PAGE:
A Dirty Shame Remains John Waters' Most Underrated and Prescient Film

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<i>A Dirty Shame</i> Remains John Waters' Most Underrated and Prescient Film

John Waters is a national treasure. The Pope of Trash who made Multiple Maniacs and Female Trouble has spent decades at the forefront of transgressive cinema that makes bad taste into fine art (and vice versa). With Pink Flamingos, his most famous film, now turning 50 and receiving a hallowed Criterion release, Waters’ work has been revisited by friends and skeptics alike. The man who made movies featuring rapist lobsters, glue sniffers and drag queens who eat literal shit has become almost respectable. Almost.

In the midst of the Waters renaissance, his most obsessed-over work remains the stuff released prior to 1990. Cry-Baby and Serial Mom have their fans, but the likes of Pecker and the sinfully overlooked Cecil B. Demented seldom get their dues and are written off as inessential Waters. This is also the fate that has befallen A Dirty Shame, the 2004 comedy that remains his last feature film. It’s frequently dismissed as his worst film, as watered-down Waters. Not only is it still underrated 18 years later, it feels as sharply relevant to our time as it did its own age.

Waters returns to the suburbs of his beloved Baltimore with the frigid Sylvia (a highly game Tracey Ullman) ready to experience a sexual crisis. A concussion leads to an insatiable sex addiction and introduces her to a not-so-secret world of fellow head injury sufferers in need of some good fucking, led by the randy preacher Ray-Ray (Johnny Knoxville). Sylvia goes from finding her dolt of a husband’s affections irritating to wanting every person in a ten-mile radius to go down on her. Opposing this rising tide of wildly varied fetishism are the “neuters,” the local puritans who want all forms of good clean filth to be eradicated.

Some critics felt that A Dirty Shame was dishearteningly tame by Waters’ standards. “Waters’ celebration of freakishness has never looked quite so square,” wrote EW Owen Gleiberman. You don’t see anything especially graphic. There’s one penis on show, which is practically PG for this director. Most of the weirder fetishes depicted don’t actually include sex, from sploshing to age play to licking dirt off the floor. The MPAA infamously slapped the movie with an NC-17 rating because such things proved too confusing to categorize as anything other than the nastiest of adult content. That these moments are shown as quaint is the point. There’s a sweetness to this community of oddballs who just want to have a good time with fellow consenting adults. Even when they’re feral with horniness, their goals are innocently simple. Is it so bad to want to feel good, particularly when everyone around you seems so miserable?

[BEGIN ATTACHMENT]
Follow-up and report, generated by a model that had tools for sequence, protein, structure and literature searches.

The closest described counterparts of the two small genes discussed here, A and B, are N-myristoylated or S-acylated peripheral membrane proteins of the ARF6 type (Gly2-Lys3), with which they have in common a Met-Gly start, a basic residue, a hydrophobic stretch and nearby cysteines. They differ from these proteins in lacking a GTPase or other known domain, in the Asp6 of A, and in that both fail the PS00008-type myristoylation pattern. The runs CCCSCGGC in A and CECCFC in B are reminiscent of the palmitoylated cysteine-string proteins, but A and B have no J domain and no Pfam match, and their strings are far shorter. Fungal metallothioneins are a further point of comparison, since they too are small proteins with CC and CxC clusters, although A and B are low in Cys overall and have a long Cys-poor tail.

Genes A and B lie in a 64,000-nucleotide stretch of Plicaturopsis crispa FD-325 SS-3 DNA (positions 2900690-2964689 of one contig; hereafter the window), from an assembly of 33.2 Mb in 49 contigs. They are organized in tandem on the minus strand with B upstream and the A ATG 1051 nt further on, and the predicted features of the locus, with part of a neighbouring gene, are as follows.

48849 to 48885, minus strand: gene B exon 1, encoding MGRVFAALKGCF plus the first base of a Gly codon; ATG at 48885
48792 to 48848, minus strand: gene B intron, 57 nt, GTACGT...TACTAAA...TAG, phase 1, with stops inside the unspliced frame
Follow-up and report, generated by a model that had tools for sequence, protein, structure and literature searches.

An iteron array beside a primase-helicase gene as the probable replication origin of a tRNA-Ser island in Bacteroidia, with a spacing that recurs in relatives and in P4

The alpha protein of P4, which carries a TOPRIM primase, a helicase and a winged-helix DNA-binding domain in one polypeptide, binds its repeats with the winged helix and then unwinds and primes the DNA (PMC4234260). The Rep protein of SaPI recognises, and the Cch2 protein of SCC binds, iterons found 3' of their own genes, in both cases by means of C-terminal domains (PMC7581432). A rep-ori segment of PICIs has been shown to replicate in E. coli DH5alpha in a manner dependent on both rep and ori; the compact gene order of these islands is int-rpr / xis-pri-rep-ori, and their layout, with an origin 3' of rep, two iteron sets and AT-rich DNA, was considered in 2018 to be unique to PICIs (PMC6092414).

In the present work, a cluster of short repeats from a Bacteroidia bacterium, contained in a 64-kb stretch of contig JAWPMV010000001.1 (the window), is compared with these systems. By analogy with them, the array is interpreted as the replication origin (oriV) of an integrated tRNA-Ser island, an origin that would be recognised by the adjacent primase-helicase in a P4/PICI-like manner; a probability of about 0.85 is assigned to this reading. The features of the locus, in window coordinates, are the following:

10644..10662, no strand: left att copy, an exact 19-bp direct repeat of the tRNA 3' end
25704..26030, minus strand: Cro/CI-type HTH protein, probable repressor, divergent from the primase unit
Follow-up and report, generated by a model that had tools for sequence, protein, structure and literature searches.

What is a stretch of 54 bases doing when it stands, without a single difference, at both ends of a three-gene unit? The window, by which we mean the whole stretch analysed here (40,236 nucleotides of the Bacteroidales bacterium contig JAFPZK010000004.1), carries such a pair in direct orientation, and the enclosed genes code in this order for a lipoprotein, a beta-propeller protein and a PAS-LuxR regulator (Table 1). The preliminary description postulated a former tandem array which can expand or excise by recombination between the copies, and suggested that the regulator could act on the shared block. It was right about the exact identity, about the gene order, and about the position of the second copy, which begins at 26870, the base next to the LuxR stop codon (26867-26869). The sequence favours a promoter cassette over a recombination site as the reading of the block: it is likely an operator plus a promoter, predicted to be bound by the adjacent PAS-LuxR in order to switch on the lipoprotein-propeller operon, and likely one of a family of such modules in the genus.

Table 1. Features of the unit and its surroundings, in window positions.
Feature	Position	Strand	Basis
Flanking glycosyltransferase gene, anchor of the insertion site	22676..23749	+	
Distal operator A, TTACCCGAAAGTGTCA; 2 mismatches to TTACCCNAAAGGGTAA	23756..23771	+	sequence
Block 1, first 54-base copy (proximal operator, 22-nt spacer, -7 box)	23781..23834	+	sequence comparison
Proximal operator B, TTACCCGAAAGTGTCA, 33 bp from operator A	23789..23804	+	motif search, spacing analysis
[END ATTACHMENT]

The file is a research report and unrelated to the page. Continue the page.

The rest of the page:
Seeking joy in the face of such harmful scorn has, alas, never stopped being relevant. It’s tough to ignore how hostile things have gotten in recent years for LGBTQ+ people. Nationwide attacks on queer and trans kids have led to right-wingers creating oppressive legislation and regurgitating decades’ old rhetoric of shame and danger. Callous claims that queer communities put children at risk, with drag queens and trans teachers being accused of sexualizing and grooming kids, echo the same hatred we experienced for decades. This is the conservative bastardizing of “family values” that has provided the backdrop to Waters’ work for close to 60 years. It’s the hysteria that he has always laughed in the face of.

A Dirty Shame, released in the middle of the Bush years and yet another cycle of renewed evangelical targeting of feminists and LGBTQ+ people, faced a culture that was the same as it ever was. Abstinence-only education dominated the discourse. As detailed in her book The Purity Myth: How America’s Obsession with Virginity Is Hurting Young Women, Jessica Valenti noted how state-funded propaganda taught adolescents that sex before marriage made them dirty, broken—even deranged.